Looking through a tourist brochure, I admire the pictures, the snaps of familiar places, monuments I walk past every day, and I think, yes, it’s an attractive town. But the pictures lie, because they are just pictures. They show what a place looks like, not what it is. They show the fountains and the happy children splashing, the riverside walk where the skateboarders, cyclists and strollers cohabit. It looks like that, it really does, and the sky is as blue as in the photos and the river runs, the trees bow and sway. The flowers bloom and the tourists point their telephones and cameras.

But where is the homeless man who always sits on the same bench, the drunk asleep among the hibiscus? Where is the strange lady dressed all in yellow with artificial flowers in her hair, feeding the pigeons? I see no dog dirt and litter, no dog walkers discussing politics, no policemen asking the Rastaman to move on, no municipal gardeners armed with rakes and spades telling them to leave him alone. Where is the Gypsy couple with their plastic bags of belongings and their cat, the group of Bulgarian men fishing for catfish, the quiet-spoken Algerian reading the Koran?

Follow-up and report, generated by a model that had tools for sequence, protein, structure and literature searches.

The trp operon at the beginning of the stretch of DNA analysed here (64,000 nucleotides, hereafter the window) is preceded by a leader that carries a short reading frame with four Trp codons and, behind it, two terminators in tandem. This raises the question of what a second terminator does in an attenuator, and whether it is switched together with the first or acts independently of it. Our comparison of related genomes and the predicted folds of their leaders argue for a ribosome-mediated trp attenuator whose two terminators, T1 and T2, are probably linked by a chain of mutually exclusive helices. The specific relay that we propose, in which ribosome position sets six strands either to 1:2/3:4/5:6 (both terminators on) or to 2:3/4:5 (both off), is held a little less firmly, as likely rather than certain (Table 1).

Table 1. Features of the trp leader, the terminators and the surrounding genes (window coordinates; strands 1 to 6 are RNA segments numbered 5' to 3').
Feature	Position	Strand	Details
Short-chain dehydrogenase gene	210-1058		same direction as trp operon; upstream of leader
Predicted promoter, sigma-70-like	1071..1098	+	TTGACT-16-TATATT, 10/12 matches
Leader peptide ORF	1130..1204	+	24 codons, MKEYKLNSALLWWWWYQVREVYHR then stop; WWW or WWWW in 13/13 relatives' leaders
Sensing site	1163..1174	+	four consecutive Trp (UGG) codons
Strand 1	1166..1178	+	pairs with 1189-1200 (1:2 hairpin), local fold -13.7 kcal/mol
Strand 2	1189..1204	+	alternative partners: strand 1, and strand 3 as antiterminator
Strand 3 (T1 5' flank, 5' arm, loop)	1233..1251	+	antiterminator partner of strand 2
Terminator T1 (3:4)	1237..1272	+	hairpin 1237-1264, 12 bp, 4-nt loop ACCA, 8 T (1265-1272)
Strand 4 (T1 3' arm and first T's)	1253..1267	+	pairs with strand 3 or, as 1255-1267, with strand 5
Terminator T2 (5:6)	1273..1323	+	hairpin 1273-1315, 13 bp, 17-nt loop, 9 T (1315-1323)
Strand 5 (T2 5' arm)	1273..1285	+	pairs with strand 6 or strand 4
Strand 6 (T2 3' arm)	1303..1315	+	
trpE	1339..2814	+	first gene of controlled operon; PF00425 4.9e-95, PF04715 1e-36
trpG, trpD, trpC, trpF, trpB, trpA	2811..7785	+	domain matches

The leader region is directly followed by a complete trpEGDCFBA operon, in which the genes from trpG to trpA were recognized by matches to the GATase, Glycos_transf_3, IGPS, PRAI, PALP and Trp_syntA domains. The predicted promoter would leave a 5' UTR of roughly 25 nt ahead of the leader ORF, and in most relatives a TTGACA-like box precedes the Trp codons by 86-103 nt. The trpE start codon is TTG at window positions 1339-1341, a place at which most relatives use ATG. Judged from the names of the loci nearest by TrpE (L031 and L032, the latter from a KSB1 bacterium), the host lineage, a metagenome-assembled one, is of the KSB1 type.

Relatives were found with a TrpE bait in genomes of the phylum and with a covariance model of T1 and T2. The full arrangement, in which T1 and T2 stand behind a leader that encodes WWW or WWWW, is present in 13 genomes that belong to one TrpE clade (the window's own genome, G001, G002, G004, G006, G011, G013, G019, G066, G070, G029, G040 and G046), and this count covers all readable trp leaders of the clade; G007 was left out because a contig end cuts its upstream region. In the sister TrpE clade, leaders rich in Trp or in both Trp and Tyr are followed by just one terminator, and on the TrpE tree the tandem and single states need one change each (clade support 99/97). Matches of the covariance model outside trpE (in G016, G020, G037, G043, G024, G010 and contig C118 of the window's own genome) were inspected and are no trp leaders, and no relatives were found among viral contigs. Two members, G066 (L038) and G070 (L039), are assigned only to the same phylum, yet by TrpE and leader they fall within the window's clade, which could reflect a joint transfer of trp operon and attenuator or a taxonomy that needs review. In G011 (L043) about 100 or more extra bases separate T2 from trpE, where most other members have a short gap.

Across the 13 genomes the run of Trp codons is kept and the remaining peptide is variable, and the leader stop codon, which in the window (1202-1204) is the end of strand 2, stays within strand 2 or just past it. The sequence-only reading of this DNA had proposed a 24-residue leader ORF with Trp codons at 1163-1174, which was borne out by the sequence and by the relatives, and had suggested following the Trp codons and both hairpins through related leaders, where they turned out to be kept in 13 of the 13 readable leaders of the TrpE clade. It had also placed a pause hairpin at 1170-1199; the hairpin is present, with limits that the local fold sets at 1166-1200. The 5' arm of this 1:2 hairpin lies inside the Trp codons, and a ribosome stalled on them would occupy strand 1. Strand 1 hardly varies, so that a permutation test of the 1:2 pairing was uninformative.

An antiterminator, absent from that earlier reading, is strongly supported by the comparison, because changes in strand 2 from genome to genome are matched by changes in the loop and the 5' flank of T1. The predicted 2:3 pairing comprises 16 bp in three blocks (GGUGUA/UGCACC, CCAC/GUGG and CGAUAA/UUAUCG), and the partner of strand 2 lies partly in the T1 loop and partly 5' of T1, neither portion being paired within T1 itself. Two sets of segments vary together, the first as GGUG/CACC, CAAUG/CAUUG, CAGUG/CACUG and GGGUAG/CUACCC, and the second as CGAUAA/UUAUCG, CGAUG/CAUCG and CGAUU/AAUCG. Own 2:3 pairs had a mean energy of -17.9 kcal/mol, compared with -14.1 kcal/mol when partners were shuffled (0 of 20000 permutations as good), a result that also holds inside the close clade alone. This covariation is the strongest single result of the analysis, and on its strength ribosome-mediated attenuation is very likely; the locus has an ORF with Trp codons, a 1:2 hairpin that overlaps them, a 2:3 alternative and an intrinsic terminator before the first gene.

Life is not just smiling blond-haired children and their youthful parents. There is dirt and difficulty, broken glass and broken hearts. There are sleek gulls and swans gliding, but huddled in the spring sunshine, there are pigeons with deformed feet waiting to die. The pictures are real and true. But they lie.


Not blue sky, not grey,

brown river or crystal clear,

but nuanced, like life.